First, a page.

Interview with Kreig Ecklund
Employer: Mercy Ships (www.mercyships.org), a charity that operates a fleet of floating hospitals that serve people in developing nations around the world.
Background: Ecklund, 34, joined Mercy Ships in 1998 as an onboard network and systems administrator. Three years later, he was promoted to CIO. Contact information: [email protected]
IT staff: 35 people serve onboard the ships, in offices around the world and at the international operations centre in Garden Valley, Tex.
Toughest challenge: Recruiting skilled professionals for jobs with no official salary. Mercy Ships has a fund-raising program in which IT workers, including Ecklund, ask friends, former employers, church groups and others for financial contributions that can be earmarked to pay their salaries.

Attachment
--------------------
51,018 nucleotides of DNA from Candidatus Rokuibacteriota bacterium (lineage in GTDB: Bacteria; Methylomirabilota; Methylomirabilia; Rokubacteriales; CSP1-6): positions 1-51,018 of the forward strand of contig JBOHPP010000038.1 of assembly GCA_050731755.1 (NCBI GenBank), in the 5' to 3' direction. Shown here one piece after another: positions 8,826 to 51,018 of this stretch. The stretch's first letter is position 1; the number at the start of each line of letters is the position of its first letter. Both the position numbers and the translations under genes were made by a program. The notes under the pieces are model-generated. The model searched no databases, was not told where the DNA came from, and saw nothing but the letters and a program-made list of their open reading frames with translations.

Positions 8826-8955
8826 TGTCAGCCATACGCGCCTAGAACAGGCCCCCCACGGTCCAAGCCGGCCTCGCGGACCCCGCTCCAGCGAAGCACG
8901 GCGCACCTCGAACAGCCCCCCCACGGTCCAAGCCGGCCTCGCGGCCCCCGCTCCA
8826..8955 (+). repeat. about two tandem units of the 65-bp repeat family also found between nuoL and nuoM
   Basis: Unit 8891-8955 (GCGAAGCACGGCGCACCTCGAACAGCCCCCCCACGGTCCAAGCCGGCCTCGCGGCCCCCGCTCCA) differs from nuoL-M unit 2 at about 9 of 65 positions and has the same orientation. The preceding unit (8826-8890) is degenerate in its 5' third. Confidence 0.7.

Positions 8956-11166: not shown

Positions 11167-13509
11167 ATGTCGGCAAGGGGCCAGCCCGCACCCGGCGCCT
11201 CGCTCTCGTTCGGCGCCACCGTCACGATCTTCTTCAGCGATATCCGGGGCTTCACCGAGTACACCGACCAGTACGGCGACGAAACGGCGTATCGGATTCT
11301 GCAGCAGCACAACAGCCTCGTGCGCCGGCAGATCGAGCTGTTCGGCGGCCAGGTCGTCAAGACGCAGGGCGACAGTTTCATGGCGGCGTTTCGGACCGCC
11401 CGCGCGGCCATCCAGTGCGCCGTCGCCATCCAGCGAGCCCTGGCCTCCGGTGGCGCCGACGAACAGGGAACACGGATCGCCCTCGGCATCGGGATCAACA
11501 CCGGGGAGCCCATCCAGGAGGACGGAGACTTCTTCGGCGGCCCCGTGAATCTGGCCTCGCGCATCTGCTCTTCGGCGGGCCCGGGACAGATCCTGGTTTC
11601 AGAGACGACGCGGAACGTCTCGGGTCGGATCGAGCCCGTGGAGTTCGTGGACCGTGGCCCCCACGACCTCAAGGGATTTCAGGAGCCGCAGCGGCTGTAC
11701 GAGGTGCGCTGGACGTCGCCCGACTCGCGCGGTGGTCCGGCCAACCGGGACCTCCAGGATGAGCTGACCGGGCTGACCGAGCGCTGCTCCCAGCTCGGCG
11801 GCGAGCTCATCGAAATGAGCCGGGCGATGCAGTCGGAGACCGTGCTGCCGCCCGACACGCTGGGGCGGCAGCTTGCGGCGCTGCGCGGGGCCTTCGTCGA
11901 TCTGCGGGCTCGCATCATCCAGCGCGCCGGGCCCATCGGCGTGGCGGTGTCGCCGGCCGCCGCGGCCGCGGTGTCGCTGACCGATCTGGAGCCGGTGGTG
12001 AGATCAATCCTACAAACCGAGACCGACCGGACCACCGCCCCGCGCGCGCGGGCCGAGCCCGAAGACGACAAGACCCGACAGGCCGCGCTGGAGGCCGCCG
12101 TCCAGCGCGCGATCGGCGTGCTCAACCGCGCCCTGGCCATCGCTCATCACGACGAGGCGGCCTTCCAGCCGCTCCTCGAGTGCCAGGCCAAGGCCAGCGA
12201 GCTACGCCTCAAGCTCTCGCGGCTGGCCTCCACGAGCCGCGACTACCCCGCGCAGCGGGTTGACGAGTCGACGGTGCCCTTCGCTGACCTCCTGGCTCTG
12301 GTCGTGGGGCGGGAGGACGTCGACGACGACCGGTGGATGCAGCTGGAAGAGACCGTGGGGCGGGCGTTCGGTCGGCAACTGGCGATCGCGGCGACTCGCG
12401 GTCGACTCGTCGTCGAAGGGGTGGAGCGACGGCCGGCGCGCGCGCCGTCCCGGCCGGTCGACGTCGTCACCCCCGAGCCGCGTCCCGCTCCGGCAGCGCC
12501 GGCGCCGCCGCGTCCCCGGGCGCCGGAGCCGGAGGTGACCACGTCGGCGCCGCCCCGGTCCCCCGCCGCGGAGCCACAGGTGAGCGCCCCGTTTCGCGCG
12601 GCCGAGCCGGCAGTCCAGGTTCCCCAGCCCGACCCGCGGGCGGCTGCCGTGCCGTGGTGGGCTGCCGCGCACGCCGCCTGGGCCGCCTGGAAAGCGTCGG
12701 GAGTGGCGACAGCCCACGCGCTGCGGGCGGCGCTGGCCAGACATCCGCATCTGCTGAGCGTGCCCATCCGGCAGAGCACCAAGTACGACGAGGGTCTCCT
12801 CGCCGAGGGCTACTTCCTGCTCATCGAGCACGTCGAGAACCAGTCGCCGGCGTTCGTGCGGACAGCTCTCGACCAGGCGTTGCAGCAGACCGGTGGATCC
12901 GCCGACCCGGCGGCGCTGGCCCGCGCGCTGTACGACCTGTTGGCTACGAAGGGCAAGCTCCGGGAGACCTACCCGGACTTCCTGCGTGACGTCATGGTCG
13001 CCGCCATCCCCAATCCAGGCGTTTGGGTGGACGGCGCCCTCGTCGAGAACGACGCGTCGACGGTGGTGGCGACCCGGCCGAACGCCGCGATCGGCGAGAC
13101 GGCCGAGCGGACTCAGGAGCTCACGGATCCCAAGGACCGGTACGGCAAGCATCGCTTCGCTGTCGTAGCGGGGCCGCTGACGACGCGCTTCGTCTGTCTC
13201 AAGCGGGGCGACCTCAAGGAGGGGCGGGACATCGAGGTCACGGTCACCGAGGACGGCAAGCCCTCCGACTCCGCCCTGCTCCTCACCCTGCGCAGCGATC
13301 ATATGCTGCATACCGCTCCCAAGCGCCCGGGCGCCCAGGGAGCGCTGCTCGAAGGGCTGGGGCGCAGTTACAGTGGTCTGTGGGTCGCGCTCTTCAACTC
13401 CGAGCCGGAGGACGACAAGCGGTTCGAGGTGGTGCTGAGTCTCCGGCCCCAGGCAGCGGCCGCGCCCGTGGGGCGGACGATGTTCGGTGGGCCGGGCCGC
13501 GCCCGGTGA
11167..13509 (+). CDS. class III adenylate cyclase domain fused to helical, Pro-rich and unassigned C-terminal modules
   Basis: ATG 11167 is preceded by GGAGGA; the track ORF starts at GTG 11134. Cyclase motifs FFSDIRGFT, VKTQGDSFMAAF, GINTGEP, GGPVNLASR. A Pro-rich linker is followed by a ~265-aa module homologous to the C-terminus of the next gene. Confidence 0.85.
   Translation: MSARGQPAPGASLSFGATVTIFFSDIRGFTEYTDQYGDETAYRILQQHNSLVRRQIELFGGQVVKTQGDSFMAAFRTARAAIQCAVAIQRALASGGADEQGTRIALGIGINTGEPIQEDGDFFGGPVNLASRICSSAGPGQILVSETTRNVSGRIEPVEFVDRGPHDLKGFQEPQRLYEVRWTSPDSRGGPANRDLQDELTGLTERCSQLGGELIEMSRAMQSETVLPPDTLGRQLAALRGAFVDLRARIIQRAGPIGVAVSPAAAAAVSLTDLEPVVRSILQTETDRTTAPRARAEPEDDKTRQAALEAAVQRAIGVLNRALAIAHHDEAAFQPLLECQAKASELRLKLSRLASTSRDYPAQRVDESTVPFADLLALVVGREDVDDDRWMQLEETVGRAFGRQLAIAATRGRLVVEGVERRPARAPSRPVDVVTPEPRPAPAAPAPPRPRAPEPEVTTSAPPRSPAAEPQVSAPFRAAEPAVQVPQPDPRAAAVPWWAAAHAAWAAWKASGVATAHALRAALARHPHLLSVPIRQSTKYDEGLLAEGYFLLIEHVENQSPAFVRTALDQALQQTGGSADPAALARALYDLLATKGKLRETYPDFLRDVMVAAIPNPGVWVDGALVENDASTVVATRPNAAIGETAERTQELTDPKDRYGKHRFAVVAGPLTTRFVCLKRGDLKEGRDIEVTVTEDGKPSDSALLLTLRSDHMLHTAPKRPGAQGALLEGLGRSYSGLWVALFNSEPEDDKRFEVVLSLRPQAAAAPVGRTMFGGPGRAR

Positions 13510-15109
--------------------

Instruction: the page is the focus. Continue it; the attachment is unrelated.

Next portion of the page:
We caught up with Ecklund at the CIO Executive Summit in Houston on March 24.
CW: Tell me about the people on your IT staff.
KE: We get people in what I call the “success to significance” category. They want to leave their mark on the world. These are people who are generally self-supporting, often early retirees. We also find there are a lot of younger people who want to have an impact on the world. Some of these people come for a year. We have one Canadian whose employer allows him to work remotely as a systems administrator. He works for his employer 30 hours a week, and he works for us 30 hours a week.
CW: What IT positions do you have open?
KE: We’re looking for Java developers, systems analysts and database administrators.
CW: Are there career benefits you can offer in lieu of a salary?
KE: For young people, it’s an opportunity to build a r